2DG- The Magic Pill For Covid-19?

2DG- The Magic Pill For Covid-19?

At a time where the devastating second wave of Covid-19 is sweeping across India, people is banking their hopes high on 2-DG, the indigenously developed Covid-19 drug launched by the Institute of Nuclear Medicine and Allied Sciences (INMAS) — a lab under the Defence Research and Development Organisation (DRDO) — in collaboration with Dr. Reddy’s Laboratories, Hyderabad.

What is 2DG?

2-DG, short for 2-Deoxy-D-Glucose is a drug formulated by DRDO, which was found to be effective against SARS-CoV-2 virus and inhibited viral growth. 2-DG comes in powder form in a sachet and is to be taken orally after dissolving it in water.

How does it work?

Based on the results from the clinical trials, it has been found out that the drug helps in faster recovery of hospitalised patients and reduces supplemental oxygen dependence.

It works by gathering inside the cells infected by SARS CoV-2 virus and prevents further growth by halting any viral synthesis and energy production. The ministry said that “its selective accumulation in virally infected cells makes this drug unique". Trial results revealed that a higher proportion of patients treated with 2-DG were found to display “RT-PCR negative conversion" and that the “drug will be of immense benefit" to Covid-19 patients.

2DG’s Efficacy

In May 2020, DCGI's Central Drugs Standard Control Organization (CDSCO), permitted to conduct Phase-II clinical trials on Covid patients. Phase-II trials began by administering dosage of 2DG on 110 patients across the country between May and October 2020. At this stage, 2-DG was found to be safe and effective in Covid patients and reported to have shown significant improvement in their recovery.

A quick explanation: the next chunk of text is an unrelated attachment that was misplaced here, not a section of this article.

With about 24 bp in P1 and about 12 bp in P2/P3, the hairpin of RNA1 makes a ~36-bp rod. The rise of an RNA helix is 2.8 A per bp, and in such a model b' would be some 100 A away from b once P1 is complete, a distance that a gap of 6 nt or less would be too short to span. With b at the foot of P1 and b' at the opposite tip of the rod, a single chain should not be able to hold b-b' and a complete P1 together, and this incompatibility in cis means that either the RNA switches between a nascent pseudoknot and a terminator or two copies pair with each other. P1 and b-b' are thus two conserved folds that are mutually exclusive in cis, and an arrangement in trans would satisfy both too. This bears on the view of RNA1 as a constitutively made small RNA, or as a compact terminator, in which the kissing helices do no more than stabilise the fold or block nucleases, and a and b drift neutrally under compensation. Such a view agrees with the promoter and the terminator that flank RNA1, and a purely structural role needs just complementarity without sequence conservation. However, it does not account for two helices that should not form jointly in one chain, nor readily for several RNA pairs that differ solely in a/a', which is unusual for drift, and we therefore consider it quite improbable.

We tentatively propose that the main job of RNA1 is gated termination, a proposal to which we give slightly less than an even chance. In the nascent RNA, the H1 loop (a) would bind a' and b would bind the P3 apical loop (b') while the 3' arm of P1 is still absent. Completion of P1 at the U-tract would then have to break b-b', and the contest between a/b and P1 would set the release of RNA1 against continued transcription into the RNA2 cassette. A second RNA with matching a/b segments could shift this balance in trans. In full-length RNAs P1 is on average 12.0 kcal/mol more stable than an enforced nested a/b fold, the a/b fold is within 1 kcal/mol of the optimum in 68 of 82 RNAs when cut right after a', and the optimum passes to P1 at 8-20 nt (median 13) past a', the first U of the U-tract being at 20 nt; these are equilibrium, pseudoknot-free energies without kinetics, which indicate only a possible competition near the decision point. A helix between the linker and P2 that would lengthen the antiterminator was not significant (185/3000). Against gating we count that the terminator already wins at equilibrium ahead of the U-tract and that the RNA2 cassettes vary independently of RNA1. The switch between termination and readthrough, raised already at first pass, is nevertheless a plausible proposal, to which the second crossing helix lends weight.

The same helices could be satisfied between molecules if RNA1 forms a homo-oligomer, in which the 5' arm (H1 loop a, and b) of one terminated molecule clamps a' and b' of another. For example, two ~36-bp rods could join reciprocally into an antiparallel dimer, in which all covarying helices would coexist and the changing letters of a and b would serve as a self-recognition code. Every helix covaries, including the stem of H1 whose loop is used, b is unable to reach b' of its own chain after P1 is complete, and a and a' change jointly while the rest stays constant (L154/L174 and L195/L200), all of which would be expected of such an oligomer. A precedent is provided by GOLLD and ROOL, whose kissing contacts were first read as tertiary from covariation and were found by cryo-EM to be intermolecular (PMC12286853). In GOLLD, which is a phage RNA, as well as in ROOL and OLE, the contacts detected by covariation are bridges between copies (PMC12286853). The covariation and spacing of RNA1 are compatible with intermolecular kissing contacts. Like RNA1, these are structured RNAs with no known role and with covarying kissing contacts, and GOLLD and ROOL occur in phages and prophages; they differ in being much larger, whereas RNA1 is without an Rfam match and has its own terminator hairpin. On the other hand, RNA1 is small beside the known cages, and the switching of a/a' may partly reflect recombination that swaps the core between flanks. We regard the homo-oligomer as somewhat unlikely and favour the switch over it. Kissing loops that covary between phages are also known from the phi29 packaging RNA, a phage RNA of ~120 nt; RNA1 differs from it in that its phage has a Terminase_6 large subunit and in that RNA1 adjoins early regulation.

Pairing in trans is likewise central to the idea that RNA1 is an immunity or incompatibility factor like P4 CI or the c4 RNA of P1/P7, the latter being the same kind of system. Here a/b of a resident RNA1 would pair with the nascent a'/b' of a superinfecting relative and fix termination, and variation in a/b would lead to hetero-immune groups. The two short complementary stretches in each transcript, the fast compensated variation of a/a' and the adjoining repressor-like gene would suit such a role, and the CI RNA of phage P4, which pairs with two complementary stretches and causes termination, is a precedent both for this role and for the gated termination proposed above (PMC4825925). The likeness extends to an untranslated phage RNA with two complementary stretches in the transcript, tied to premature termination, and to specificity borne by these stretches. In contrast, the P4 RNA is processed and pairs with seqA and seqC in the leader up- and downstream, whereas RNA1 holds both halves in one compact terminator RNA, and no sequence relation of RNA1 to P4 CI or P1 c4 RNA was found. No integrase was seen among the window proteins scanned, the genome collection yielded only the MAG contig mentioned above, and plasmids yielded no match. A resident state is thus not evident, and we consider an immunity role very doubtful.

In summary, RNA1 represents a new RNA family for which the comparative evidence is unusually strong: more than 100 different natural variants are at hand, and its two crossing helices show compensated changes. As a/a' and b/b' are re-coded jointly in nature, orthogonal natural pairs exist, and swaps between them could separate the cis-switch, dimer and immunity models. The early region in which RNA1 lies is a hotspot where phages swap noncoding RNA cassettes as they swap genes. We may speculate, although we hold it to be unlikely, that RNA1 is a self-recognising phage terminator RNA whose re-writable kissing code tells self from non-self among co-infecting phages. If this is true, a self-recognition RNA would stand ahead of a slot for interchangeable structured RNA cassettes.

Based on this encouraging data from the Phase-II trial, the DCGI further permitted the Phase-III clinical trials in November 2020. During the final stage trials between December 2020 and March 2021, 2-DG is said to have been administered to 220 patients across the country. At this stage, 42% of patients were free from supplemental oxygen dependence by Day 3 as compared to 31% of patients treated in accordance with the existing standard of care. The trend of early relief from oxygen dependence is reported to have been consistent in patients aged more than 65 years as well. 


On May 1st, DCGI had cleared the formulation for emergency use as an adjunct therapy in moderate to severe Covid patients and the first batch of the homegrown anti-Covid drug was released on May 17th in the presence of Defence Minister Rajnath Singh and Health Minister Dr Harsh Vardhan. 

2DG is expected to be rolled out by mid-June 2021. Price is determined by keeping an eye on making it affordable to all & will be announced soon.